On Wednesday evening, I deleted my social media accounts.
In an attempt to better understand how I can use social media in a healthier, more sustainable way, I’m currently undergoing a 7-day‘ detox’ from social media
My thoughts were that it would help me gain some perspective on what my addiction really looked like.
A quick look at my daily screentime informed me that I had spent an average of 5 hours a day on my days off - most of which came from social media.
How long had this been going on for?
What was I possibly doing on social media to justify that amount of screentime?
And, most importantly, what would my day look like if I were able to cut this out?
After stumbling across the Netflix documentary 'The Social Dilemma' a few months back, I became intrigued by one speaker’s message in particular - Jaron Lanier.
Considered to be the founding father of virtual reality and a Silicon-Valley veteran, Lanier's concerns about 'behaviour modification' intrigued me.
After watching some of his lectures on youtube, I devoured his book "10 arguments to delete your social media accounts right now".
Now, before you read on, I'd just like to clarify that I have no interest in getting you to delete your social media accounts. If anything, as someone who depends on social media for growth, this entire article is counter-intuitive.
I do, however, feel the need to share his eye-opening arguments. Here are snippets from two of them:
"Your specific behaviour change has been turned into a product."
- Jaron Lanier
Lanier's first argument in the book is about the distinction between advertising and behaviour modification.
He believes that old-school advertising methods are innocent. Share a product on the radio or newspaper and people either ignore it or buy the product, no matter how tricky they try to be.
However, tech giants like Facebook and Google are now able to do something more sinister.
Through dynamic data collection on who you are, what you pay attention to and what actions you take, they can influence you to make decisions by what other, similar people are doing.
For example, if a woman specifically wearing a red dress ever so slightly increases the chance of selling a product to thousands of people, and you are behaviourally similar to them, they will show you that same ad, in the hopes that you might also behave in the same way.
You may consider this to be a well-personalised ad (just as I did), but in reality, the algorithm builds on small psychosocial patterns to experimentally 'hack' your behaviour and get you to do the things they want you to.
No one is watching over these behaviour modifications at a micro level, but on the macro, these algorithms can detect the smallest of trends through sheer volume of users.
The algorithms don’t need to understand how or why a small change works, just that it does.
If the algorithm doesn't gain a significant result, it discards the experiment. If it tries something that earns a marginal difference in favourable behaviour, it will amplify it and stack it upon its countless prior experiments.
In short, instead of simply selling you a product, they can make you into the type of person who would buy that product.
"It’s a social-validation feedback loop … exactly the kind of thing that a hacker like myself would come up with, because you’re exploiting a vulnerability in human psychology…"
- Sean Parker, First President of Facebook.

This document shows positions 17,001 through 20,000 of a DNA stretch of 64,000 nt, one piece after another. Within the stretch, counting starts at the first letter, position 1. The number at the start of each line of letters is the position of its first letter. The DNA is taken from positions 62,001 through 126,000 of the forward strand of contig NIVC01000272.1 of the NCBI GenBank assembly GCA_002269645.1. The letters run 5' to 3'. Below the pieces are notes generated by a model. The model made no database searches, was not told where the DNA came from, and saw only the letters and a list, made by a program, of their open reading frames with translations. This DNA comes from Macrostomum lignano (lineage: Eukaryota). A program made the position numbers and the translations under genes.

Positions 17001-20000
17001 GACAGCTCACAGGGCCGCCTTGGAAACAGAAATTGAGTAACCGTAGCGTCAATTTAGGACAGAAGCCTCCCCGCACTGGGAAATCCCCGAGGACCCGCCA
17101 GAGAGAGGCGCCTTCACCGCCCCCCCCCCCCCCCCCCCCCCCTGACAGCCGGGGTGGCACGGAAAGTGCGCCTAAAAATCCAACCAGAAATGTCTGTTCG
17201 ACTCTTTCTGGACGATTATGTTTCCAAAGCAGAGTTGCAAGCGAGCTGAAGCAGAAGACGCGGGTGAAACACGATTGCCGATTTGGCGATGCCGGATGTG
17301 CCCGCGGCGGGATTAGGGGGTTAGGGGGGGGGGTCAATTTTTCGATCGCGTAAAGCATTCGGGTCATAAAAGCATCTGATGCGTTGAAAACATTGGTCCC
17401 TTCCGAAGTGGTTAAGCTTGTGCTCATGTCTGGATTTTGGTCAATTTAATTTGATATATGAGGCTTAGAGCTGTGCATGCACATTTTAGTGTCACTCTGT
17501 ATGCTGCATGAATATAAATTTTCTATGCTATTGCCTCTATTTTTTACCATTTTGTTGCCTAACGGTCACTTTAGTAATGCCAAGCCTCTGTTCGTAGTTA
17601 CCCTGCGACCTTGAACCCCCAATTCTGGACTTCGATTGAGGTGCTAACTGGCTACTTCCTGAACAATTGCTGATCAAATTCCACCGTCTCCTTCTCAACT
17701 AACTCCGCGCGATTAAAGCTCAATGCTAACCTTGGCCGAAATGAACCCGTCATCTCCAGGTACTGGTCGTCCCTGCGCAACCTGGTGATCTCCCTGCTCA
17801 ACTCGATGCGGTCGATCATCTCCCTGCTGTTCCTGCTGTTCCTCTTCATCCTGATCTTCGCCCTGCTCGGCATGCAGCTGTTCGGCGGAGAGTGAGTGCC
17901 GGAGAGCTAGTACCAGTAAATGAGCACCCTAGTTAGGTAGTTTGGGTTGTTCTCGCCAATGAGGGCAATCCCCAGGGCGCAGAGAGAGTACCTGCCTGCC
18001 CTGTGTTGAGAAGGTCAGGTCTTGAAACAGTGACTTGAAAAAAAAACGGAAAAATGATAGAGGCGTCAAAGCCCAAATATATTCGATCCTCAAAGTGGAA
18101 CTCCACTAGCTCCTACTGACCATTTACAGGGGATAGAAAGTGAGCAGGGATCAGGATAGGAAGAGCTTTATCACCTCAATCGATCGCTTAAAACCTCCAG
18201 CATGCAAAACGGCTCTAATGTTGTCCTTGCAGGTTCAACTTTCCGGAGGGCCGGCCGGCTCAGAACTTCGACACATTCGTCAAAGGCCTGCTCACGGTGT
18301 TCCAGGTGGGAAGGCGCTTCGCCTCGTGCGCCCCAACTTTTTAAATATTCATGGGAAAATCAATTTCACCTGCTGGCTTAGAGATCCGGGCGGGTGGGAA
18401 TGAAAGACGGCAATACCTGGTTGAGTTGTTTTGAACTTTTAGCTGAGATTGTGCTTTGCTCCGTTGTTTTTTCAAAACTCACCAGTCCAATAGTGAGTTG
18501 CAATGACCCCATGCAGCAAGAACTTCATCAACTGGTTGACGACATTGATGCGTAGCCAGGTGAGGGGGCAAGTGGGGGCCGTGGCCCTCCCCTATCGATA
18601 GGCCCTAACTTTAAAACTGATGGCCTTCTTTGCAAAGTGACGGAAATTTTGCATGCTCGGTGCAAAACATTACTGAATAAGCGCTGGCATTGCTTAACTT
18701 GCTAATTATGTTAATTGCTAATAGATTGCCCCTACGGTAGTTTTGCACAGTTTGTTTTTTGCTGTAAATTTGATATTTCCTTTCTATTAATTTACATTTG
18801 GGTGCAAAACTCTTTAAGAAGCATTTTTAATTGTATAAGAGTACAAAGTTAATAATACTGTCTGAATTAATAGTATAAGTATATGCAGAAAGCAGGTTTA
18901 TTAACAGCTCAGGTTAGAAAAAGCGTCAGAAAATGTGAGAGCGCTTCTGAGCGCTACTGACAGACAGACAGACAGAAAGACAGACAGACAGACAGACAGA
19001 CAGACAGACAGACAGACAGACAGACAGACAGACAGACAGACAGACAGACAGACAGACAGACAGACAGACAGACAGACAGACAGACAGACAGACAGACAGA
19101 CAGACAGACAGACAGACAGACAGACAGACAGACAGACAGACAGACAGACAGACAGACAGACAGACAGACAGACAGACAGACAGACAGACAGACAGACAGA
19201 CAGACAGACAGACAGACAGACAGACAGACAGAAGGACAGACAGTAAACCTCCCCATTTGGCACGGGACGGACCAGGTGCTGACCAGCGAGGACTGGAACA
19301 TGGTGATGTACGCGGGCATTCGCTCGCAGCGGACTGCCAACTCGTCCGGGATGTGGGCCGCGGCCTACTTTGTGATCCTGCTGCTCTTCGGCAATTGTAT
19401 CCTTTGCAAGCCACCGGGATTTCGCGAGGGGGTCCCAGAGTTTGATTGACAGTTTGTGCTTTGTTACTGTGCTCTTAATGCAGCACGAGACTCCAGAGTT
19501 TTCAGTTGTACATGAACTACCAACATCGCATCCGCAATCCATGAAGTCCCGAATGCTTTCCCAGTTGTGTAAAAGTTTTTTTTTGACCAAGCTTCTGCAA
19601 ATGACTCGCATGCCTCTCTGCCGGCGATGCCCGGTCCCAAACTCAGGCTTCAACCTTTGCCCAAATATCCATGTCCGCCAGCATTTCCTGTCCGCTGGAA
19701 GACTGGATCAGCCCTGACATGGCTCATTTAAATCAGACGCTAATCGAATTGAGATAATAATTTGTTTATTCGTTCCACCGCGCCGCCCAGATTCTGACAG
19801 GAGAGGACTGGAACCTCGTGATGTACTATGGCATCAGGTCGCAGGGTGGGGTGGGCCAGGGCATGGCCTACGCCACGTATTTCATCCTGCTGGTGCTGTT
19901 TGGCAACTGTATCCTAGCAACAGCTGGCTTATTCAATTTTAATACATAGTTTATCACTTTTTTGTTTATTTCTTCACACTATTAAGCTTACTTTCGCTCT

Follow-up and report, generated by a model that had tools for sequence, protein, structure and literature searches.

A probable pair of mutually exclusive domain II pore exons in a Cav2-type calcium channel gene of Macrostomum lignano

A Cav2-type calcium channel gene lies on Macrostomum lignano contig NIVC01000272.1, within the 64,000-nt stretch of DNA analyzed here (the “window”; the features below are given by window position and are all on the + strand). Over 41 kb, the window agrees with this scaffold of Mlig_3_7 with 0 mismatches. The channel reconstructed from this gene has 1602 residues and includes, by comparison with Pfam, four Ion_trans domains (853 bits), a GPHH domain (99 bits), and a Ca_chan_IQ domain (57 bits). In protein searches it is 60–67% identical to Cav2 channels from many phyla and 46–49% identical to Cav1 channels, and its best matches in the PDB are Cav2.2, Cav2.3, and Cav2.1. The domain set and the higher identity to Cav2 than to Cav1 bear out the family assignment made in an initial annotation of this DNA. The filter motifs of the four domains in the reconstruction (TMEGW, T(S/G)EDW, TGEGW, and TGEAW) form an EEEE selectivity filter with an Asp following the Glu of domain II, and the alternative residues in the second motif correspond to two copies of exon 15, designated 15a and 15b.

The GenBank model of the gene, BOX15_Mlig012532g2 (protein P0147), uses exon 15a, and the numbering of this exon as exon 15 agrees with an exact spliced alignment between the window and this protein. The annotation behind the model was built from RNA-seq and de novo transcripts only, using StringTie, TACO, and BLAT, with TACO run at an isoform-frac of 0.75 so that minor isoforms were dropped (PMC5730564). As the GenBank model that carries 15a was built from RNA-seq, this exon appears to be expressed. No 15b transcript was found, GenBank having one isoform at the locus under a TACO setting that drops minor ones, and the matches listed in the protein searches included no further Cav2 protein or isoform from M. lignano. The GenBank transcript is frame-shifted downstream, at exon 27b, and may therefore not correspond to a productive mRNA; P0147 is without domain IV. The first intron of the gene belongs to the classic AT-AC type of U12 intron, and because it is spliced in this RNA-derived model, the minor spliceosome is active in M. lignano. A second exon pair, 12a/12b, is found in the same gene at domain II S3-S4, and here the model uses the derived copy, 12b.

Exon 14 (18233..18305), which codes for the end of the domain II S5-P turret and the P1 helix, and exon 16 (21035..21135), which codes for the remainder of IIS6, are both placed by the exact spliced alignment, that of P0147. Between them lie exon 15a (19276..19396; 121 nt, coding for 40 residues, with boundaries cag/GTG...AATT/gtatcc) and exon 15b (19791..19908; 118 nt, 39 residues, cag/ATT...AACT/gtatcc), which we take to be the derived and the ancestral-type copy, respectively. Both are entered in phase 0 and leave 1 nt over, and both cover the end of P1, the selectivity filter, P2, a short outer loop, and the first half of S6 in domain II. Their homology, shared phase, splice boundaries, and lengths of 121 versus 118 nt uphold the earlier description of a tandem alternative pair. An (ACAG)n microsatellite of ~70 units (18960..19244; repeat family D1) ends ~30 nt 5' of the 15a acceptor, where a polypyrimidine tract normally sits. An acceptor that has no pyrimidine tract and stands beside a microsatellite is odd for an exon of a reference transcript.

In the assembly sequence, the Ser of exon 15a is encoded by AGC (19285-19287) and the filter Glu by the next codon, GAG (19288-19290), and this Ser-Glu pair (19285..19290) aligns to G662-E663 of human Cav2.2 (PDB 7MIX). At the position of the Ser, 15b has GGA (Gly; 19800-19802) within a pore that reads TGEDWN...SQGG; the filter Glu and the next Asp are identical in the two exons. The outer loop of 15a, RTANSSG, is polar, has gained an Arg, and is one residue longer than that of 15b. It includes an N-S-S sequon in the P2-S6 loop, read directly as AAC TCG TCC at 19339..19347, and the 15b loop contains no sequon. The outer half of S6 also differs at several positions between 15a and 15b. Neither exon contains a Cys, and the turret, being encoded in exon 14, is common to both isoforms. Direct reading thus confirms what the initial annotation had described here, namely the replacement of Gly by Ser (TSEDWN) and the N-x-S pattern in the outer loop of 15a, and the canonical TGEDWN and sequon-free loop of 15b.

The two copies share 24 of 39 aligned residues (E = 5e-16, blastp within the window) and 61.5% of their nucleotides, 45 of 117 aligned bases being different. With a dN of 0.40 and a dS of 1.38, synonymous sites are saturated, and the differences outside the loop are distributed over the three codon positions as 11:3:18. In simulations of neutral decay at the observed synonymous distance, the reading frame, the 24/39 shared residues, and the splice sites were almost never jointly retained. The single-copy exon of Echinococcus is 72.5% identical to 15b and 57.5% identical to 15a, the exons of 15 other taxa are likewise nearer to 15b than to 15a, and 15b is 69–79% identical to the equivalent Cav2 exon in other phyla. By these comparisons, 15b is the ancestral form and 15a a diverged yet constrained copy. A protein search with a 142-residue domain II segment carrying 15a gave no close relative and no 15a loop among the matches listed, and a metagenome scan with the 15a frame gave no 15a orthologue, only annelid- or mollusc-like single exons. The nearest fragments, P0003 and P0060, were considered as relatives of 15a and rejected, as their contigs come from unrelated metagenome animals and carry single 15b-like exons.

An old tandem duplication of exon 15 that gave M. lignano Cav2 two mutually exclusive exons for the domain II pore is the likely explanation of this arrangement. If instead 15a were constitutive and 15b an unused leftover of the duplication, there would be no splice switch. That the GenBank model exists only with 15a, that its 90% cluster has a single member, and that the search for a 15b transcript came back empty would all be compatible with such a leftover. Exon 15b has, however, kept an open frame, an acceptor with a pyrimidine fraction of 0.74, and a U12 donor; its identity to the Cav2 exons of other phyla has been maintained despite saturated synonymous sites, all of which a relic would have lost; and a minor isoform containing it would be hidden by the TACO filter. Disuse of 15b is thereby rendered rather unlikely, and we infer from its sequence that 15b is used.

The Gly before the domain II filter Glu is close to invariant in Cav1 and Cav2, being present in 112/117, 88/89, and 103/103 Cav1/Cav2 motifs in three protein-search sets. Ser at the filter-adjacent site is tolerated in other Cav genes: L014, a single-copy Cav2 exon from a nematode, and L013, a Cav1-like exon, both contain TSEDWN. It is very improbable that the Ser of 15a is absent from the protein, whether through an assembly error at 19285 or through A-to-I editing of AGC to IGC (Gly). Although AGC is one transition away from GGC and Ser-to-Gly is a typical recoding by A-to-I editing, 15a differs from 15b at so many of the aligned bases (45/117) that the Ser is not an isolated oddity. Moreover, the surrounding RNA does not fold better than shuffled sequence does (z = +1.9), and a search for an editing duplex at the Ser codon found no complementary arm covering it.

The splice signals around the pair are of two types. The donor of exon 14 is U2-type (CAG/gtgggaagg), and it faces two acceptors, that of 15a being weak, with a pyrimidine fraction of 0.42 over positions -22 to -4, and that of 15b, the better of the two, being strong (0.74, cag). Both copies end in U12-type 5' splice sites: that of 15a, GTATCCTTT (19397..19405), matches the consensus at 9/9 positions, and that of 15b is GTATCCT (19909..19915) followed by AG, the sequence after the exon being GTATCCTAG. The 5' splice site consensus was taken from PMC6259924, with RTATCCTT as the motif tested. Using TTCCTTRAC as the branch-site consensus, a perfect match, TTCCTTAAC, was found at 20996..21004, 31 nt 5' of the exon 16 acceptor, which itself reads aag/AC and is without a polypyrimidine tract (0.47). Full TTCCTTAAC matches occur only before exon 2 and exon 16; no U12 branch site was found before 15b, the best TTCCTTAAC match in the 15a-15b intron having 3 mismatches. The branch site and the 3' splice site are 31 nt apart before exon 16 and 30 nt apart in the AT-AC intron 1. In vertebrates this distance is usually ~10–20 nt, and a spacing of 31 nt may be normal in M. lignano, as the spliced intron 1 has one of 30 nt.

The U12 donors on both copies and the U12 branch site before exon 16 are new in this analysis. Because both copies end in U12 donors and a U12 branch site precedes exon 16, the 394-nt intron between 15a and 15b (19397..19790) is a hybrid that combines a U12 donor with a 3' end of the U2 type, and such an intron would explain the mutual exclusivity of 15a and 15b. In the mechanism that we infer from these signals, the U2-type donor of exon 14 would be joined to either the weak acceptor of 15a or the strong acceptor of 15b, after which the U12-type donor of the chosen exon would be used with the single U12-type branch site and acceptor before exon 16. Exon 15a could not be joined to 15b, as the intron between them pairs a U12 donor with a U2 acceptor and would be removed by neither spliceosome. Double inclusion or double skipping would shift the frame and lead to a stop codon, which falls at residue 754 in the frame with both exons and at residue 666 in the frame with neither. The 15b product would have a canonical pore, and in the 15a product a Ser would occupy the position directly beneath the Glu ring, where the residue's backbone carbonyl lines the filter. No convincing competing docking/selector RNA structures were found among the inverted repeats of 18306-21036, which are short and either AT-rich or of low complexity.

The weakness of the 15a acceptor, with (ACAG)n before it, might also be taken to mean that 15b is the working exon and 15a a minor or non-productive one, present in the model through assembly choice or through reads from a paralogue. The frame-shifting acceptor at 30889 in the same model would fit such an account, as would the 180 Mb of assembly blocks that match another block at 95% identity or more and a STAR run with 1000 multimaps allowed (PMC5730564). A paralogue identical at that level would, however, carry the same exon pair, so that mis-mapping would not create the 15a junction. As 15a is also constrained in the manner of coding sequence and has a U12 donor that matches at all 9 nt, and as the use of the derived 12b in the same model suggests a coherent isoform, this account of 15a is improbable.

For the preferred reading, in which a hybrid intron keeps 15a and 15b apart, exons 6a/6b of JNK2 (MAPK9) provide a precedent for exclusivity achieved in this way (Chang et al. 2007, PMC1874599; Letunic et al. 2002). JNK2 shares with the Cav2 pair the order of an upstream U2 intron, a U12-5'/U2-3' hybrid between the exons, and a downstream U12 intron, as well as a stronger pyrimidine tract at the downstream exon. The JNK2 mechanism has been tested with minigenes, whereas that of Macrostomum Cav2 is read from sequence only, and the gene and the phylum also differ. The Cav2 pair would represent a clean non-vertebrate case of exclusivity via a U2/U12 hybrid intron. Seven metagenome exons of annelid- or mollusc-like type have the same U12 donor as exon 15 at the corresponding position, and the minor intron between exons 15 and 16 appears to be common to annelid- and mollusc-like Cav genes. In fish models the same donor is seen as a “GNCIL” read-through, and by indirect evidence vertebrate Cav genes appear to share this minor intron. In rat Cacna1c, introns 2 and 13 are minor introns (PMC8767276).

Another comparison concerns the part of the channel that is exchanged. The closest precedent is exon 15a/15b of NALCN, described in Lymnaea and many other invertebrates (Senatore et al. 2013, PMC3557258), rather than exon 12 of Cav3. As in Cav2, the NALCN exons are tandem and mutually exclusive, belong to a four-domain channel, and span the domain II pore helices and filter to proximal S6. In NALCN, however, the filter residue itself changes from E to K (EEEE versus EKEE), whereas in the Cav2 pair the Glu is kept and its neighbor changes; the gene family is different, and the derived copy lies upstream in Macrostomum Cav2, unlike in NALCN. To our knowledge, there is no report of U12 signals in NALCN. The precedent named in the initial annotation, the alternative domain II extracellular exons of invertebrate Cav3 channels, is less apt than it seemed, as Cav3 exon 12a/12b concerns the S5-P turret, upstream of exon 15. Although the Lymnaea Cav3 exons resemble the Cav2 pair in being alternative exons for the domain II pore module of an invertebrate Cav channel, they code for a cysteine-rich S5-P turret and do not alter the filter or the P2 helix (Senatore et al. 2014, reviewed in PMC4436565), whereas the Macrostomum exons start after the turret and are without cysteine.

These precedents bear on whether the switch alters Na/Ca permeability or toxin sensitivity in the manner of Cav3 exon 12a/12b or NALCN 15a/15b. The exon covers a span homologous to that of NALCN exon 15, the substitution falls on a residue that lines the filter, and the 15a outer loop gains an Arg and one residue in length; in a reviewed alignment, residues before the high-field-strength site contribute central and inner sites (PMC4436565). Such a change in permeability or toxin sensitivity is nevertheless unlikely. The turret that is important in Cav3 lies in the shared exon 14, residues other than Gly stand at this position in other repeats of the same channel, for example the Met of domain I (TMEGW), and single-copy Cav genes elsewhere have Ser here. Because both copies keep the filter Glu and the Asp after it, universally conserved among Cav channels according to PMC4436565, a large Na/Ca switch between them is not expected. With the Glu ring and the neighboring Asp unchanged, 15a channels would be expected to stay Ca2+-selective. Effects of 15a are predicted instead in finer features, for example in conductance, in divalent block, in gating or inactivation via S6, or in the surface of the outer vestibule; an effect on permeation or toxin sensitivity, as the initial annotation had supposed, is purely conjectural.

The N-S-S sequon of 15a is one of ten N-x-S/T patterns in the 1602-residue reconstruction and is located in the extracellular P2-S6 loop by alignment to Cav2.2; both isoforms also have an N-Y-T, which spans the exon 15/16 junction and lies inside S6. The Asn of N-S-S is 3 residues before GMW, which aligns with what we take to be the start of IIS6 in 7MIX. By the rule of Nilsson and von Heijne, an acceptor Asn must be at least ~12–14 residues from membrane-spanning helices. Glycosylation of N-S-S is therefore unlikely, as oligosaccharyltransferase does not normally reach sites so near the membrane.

One of the principal aims of these ‘big tech’ algorithms is to keep people on their platform for as long as possible.
If users engage with certain posts, that's a good sign for them to boost that post to others.
The longer you stay on the platform, the more chance the platform has to sell to you and collect more data, allowing them to better target you next time.
But here comes a particularly worrying problem, content that angers us and invokes negative emotions can get us to engage the same amount, if not more, than positive ones.
"Negative emotions such as fear and anger well up more easily and dwell in us longer than positive ones. It takes longer to build trust than to lose trust. Fight-or-flight responses occur in seconds, while it can take hours to relax. This is true in real life, but it is even more true in the flattened light of algorithms."
- Jaron Lanier
The algorithms don't have empathy for the human condition.
If they detect that certain types of content get you to engage more, they'll boost that content to more and more people.
Tech giants can mute certain words and censor offending content, but even a seemingly innocent post that triggers you and sends you down a spiral of 'doomscrolling' can fly ‘under the radar’, only detected by algorithms that cascade it to a wider audience.
Even if you think that you're strong enough to resist the emotional manipulation of the tech giants, it's difficult to deny that the world is worse off when negative emotions are exploited for increased engagement.
"An unfortunate combination of biology and math favors degradation of the human world. Information warfare units sway elections, hate groups recruit, and nihilists get amazing bang for the buck when they try to bring society down."
- Jaron Lanier.
"Some have compared social media to the tobacco industry, but I will not. The better analogy is paint that contains lead. When it became undeniable that lead was harmful, no one declared that houses should never be painted again. Instead, after pressure and legislation, lead-free paints became the new standard. Smart people simply waited to buy paint until there was a safe version on sale. Similarly, smart people should delete their accounts until nontoxic varieties are available."
- Jaron Lanier
I've written a short summary along with my favourite quotes from the book. Read it here.